smrNmcbm Shuklis '40 Ford
Phil Jensen
Bob Paeth

'40 Ford pickup (restorer:Mike Felix)

Before Restoration

After Restoration

This model was particularly filthy and had many parts that had become detached  from the body over the years. Dave utilized massive quantities of glue to assemble the  custom cab/box assembly and to attach that assembly to the fenders and then that  assembly to the frame.

Repairs: The front and rear bumper brackets had been broken and  repaired previous to my receipt of the model. Those repairs were crude and performed  probably more than once. The reassembly of these brackets and bumpers was done in such  a way that the radius of the bumpers (when viewed from above) is that of normal  bumper/brackets and that they are parallel to the ground. So the visual effect is that of  normal bumpers/brackets, however upon close inspection, it is obvious there has been  work performed on them. (keeping in the spirit of the restoration as to not make the  model better than the way it was built) The sidepipe on the drivers side was in multiple  pieces and reassembled.

Paint: Some minor touch up was given to the frame and the  interior.

Replaced Parts: The felt lining of the bed and running boards were too dirty to  be salvaged, so it was refitted with new felt. Three of the tools in the bed were almost  chrome less (pliers and two wrenches) and were replaced . The rear window was replaced  with new sheet plastic and was cut and glued to replicate the originals position and stray  glue mark.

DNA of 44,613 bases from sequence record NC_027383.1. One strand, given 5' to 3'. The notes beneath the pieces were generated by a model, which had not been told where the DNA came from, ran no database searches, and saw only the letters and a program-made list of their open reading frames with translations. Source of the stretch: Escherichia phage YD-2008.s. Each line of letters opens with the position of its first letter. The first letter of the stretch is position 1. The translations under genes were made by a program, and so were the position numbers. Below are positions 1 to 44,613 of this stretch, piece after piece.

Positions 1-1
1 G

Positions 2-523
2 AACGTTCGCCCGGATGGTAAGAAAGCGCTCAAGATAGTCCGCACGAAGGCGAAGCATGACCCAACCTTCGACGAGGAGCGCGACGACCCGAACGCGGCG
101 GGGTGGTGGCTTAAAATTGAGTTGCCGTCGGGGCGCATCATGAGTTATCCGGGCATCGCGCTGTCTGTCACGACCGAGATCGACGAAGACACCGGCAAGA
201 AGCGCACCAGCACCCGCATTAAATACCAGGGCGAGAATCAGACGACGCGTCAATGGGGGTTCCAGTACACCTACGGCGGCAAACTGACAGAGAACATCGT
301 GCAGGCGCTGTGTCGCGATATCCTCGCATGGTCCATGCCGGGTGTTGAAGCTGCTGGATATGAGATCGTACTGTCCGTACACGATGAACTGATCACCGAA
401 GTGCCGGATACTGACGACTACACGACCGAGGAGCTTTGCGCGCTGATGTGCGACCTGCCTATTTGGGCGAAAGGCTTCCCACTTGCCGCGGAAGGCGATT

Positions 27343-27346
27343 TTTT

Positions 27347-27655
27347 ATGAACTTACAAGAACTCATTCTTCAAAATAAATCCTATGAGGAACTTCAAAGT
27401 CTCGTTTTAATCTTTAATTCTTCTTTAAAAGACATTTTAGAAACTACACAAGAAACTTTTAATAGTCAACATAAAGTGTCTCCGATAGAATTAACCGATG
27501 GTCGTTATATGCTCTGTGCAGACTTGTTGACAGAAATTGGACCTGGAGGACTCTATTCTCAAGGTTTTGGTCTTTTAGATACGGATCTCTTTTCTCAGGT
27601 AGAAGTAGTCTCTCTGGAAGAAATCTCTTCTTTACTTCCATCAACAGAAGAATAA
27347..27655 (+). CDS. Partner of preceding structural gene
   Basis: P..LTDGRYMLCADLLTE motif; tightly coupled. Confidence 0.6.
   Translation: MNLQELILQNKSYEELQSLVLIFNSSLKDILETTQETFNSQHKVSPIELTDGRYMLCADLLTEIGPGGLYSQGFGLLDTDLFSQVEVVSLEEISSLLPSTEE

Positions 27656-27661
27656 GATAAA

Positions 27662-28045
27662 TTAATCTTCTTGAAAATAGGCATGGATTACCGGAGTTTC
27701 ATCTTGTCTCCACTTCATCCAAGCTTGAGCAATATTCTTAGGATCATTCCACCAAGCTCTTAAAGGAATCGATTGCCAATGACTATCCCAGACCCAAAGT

Comments: The interface between the plastic cab and cardstock bed is in a delicate state. A piece of scrap plastic (hidden from view) has been added to the area on the drivers side  to help reinforce it. Care should be taken not to apply more than slight pressure to the area  as tragic consequence may result. The completed body assembly does not fit as snugly on  the frame as one might suspect. This replicates the way it appears Dave had put it  together. He routed the wiring between the frame and body assembly and therefore could  not secure the two assemblies snugly. (note in the Rick Hanmore photos how massive  quantities of glue were used to bridge the gap in the assemblies to hold the two together).  Significant effort was needed to keep the cab/box assembly together during the  disassembly for cleaning and the reassembly process.

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